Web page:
Hiroshima Diary

  • by Michihiko Hachiya, MD
  • Narrated by Robertson Dean
  • 8 hrs and 58 mins
  • Unabridged Audiobook

Publisher's Summary

The late Dr. Michihiko Hachiya was director of the Hiroshima Communications Hospital when the world's first atomic bomb was dropped on the city. Though his responsibilities in the appalling chaos of a devastated city were awesome, he found time to record the story daily, with compassion and tenderness. Dr. Hachiya's compelling diary was originally published by the UNC Press in 1955, with the help of Dr. Warner Wells of the University of North Carolina at Chapel Hill, who was a surgical consultant to the Atomic Bomb Casualty Commission and who became a friend of Dr. Hachiya. In a new foreword, John Dower reflects on the enduring importance of the diary 50 years after the bombing.


What the Critics Say

"An extraordinary literary event." (The New York Times)


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Customer Reviews

Most Helpful

Skip the 30min intro.

First 30min segment is filled with spoilers and foreword writer tries to explain things to you like you are five that what you must think of each situation that foreword writer picks from the actual book. Book part it self is excellent listen.
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- f_rele

So Many Horrors at Once

While doing research for my second novel, which is actually supposed to be quite uplifting, I stumbled onto "Hiroshima Diary," and I was hooked from the sample. If I'd hoped to get a sense of what it was like/the devastation of nuclear horror from Paul Ham's "Hiroshima, Nagasaki," and didn't find it there, I certainly found it here. This is the diary of a single man, a doctor, badly wounded at first, so he can observe, firsthand, how pathetic and hopeless/helpless he is, just to be parked there, waiting for treatment with such poor options, such few supplies.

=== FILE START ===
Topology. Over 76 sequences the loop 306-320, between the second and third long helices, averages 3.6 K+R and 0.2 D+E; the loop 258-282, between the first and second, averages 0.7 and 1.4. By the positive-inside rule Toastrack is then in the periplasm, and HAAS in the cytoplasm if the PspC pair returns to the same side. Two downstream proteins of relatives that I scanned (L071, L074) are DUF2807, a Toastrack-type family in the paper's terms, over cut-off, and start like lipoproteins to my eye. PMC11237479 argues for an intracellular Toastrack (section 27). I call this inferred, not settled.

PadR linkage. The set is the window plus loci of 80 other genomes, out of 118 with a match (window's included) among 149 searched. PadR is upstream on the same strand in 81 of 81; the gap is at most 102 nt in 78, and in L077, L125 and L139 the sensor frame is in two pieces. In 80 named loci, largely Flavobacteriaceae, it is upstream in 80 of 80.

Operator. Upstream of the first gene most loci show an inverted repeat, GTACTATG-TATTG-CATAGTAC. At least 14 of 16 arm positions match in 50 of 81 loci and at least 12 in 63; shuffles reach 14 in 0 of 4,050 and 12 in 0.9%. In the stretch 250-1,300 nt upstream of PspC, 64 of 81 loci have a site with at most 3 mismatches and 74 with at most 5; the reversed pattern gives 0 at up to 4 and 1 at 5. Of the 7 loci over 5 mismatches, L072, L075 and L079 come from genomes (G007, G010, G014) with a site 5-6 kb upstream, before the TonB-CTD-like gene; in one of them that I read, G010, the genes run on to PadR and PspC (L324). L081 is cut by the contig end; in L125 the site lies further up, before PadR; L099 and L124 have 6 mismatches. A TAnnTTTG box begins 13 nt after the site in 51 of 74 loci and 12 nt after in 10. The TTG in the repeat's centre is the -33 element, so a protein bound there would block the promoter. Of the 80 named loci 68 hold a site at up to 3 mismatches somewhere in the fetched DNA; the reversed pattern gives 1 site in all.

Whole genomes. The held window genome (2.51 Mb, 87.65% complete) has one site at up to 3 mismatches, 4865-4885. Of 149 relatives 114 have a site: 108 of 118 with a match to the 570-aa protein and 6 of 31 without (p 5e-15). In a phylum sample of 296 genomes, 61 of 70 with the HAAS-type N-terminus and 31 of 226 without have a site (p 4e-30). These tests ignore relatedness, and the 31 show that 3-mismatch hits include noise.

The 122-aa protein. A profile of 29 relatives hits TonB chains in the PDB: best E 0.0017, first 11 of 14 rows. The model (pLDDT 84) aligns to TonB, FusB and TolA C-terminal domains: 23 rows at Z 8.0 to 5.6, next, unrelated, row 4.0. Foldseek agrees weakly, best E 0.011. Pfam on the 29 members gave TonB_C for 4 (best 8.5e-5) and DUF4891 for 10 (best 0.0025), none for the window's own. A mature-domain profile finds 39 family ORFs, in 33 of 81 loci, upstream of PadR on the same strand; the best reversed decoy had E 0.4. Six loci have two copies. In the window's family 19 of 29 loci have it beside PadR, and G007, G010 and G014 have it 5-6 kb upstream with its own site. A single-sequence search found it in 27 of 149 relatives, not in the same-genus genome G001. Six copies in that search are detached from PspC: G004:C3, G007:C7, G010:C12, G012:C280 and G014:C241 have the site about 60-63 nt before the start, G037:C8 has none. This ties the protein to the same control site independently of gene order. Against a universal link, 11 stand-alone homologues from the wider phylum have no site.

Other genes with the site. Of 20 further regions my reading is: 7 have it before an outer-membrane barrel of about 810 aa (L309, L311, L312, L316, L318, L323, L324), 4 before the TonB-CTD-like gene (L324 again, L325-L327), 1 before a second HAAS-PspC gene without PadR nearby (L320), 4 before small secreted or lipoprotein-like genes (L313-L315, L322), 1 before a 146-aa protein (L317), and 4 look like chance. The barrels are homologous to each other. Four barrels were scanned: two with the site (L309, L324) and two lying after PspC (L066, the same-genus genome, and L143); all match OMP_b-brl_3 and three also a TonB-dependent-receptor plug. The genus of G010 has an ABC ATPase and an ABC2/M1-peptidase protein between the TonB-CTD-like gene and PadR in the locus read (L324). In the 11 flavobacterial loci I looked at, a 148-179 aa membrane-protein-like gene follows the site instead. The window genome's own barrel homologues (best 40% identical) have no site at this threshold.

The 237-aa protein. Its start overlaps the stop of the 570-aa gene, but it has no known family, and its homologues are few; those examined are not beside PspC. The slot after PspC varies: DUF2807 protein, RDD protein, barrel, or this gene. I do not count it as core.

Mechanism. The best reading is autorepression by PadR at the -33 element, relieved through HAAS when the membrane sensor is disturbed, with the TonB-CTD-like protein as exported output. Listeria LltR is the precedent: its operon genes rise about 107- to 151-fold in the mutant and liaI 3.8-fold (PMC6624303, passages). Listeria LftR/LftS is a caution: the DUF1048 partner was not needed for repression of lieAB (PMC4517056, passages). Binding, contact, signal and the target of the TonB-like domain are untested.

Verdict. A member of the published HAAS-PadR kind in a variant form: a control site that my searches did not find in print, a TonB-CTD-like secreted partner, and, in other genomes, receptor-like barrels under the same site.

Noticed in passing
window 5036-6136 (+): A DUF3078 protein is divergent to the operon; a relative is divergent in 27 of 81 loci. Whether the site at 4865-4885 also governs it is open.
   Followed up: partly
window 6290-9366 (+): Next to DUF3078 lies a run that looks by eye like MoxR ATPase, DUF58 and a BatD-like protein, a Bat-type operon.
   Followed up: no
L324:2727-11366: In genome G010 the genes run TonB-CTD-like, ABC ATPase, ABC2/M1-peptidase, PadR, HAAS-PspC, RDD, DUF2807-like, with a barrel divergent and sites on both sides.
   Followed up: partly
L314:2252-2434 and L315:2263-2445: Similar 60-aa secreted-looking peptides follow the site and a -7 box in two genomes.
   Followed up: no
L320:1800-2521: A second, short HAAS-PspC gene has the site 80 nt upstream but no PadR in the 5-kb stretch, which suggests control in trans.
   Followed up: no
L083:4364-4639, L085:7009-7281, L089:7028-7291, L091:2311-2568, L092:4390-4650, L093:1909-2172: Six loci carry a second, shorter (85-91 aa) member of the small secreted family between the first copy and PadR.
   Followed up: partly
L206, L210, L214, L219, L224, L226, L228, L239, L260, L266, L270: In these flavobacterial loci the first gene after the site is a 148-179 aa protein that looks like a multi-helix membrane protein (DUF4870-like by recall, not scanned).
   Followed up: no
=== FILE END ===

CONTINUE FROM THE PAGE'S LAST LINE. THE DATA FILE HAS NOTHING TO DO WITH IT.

Bur through it all, the patients, the doctors, the visitors, all the survivors, for the most part have hope and heart. It's a truly extraordinary listen as these people strive to make do, strive to help each other, strive to bring some sense of cheer to some horrific days. A young girl whose entire body is burned but whose face is still beautiful is made to smile--that's seen as a miracle and part of a good day. Supplies, however meager, being brought in, are part of a good day. Memories of peaches brought by somebody who survived the bomb are brought to mind, and are relished with gratitude. A breeze on a bitterly hot day, so wonderful.
This is a graphic, graphic listen, not for the faint of heart, not for the young.
But certainly for those who would like to learn a little more, feel a little more, love and appreciate their world a little more.
And it did what Paul Ham's book didn't do: It made me shudder for my part in humankind...
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- Gillian

Book Details

  • Release Date: 11-26-2014
  • Publisher: Tantor Audio